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Remote Workers vs. Office Workers | LinkedIn

To me, there is no debate for bright people who want more control over how and where they work. Remote workers win every time. And the statistics prove it.

Source: Remote Workers vs. Office Workers | LinkedIn

My STC-PMC friend, Ellen O’Brien found this on LinkedIn. This is a great article that I think not only speaks towards the benefits of why remote working CAN work and why more companies should be using remote options, but in my mind, it also supports why this is a very good option for technical communicators.

I keep hearing that “remote” is “in”, and that more remote jobs are becoming available. To be honest, I haven’t seen it at all. If anything, when I even suggest to some companies that I am available and ask if I can work remotely, the answer is usually a flat out NO.  This makes it really difficult for people who are not in a position to relocate for a closer commute, yet the jobs are far away. (Yes, I put myself in that category.)

My argument has been the same as outlined in this article, in which the author, Brian de Haaff, says he’s been asked, (and I quote directly from the article,)

  • “How do you collaborate with the team?”
  • “What tools do you use to stay connected?”
  • “When will you really need an office?”

The answers he provides are pretty much the same answers I would give from my own experiences. I wish employers would get the hint. They could save SO much money allowing for more remote work, and get better productivity from their employees and contractors.

What do you think? Yes, I know some of you are diehard office workers who want to be close by to your co-workers. Some jobs do require that–I’m not denying that. But most technical communications jobs don’t require that necessarily. Read the article, and tell me what you think after reading it.



Danielle M. Villegas is a technical communicator who currently employed at Cox Automotive, Inc., and freelances as her own technical communications consultancy, Dair Communications. She has worked at the International Refugee Committee, MetLife, Novo Nordisk, BASF North America, Merck, and Deloitte, with a background in content strategy, web content management, social media, project management, e-learning, and client services. Danielle is best known in the technical communications world for her blog,, which has continued to flourish since it was launched during her graduate studies at NJIT in 2012. She has presented webinars and seminars for Adobe, the Society for Technical Communication (STC), the IEEE ProComm, TCUK (ISTC) and at Drexel University’s eLearning Conference. She has written articles for the STC Intercom, STC Notebook, the Content Rules blog, and The Content Wrangler as well. She is very active in the STC, as a former chapter president for the STC-Philadelphia Metro Chapter, and is currently serving on three STC Board committees. You can learn more about Danielle on LinkedIn at, on Twitter @techcommgeekmom, or through her blog. All content is the owner's opinions, and does not reflect those of her employers past or present.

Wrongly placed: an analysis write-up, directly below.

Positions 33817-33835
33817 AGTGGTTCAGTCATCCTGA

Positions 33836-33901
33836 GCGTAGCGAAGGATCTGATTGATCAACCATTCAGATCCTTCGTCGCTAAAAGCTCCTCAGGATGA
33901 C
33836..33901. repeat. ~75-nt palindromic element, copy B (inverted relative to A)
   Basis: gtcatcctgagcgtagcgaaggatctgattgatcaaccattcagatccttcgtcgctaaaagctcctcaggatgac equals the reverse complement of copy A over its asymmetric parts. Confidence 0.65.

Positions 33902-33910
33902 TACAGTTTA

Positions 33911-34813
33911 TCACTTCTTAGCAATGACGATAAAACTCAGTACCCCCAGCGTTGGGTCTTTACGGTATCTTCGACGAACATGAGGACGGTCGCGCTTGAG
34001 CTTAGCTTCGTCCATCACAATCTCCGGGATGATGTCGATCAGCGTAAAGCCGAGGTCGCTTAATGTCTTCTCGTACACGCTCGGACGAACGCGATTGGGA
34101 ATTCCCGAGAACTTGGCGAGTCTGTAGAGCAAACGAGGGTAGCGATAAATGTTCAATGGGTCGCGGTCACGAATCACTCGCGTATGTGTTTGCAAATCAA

One thought on “Remote Workers vs. Office Workers | LinkedIn

  1. I’ve been a telecommuting tech writer for years, starting at HP when they still allowed it, and for the last almost 6 years in my current position. It’s great. I feel as if I am more embedded in the development teams I work with than many of my colleagues who work in corporate offices. I’ve even had a lot of success in getting development resources commit to make improvements in the application infrastructure that allow the documentation to work better.

    I use mostly email, WebEx, Hangouts, and Slack to collaborate with my teams – development as well as documentation teams. I am fond of saying that I can do anything from home that I can from an office except to see if someone is at their desk, and if that’s really necessary, I can get someone to do that for me.

    I am MUCH more productive from my quiet home office than I ever could be in the loud (and I do mean LOUD) open office the company provides. I go from rural Vermont to The Big Apple a few times a year as needed for training and occasional team meetings, and I can’t wait to get back home so I can get some actual work done.

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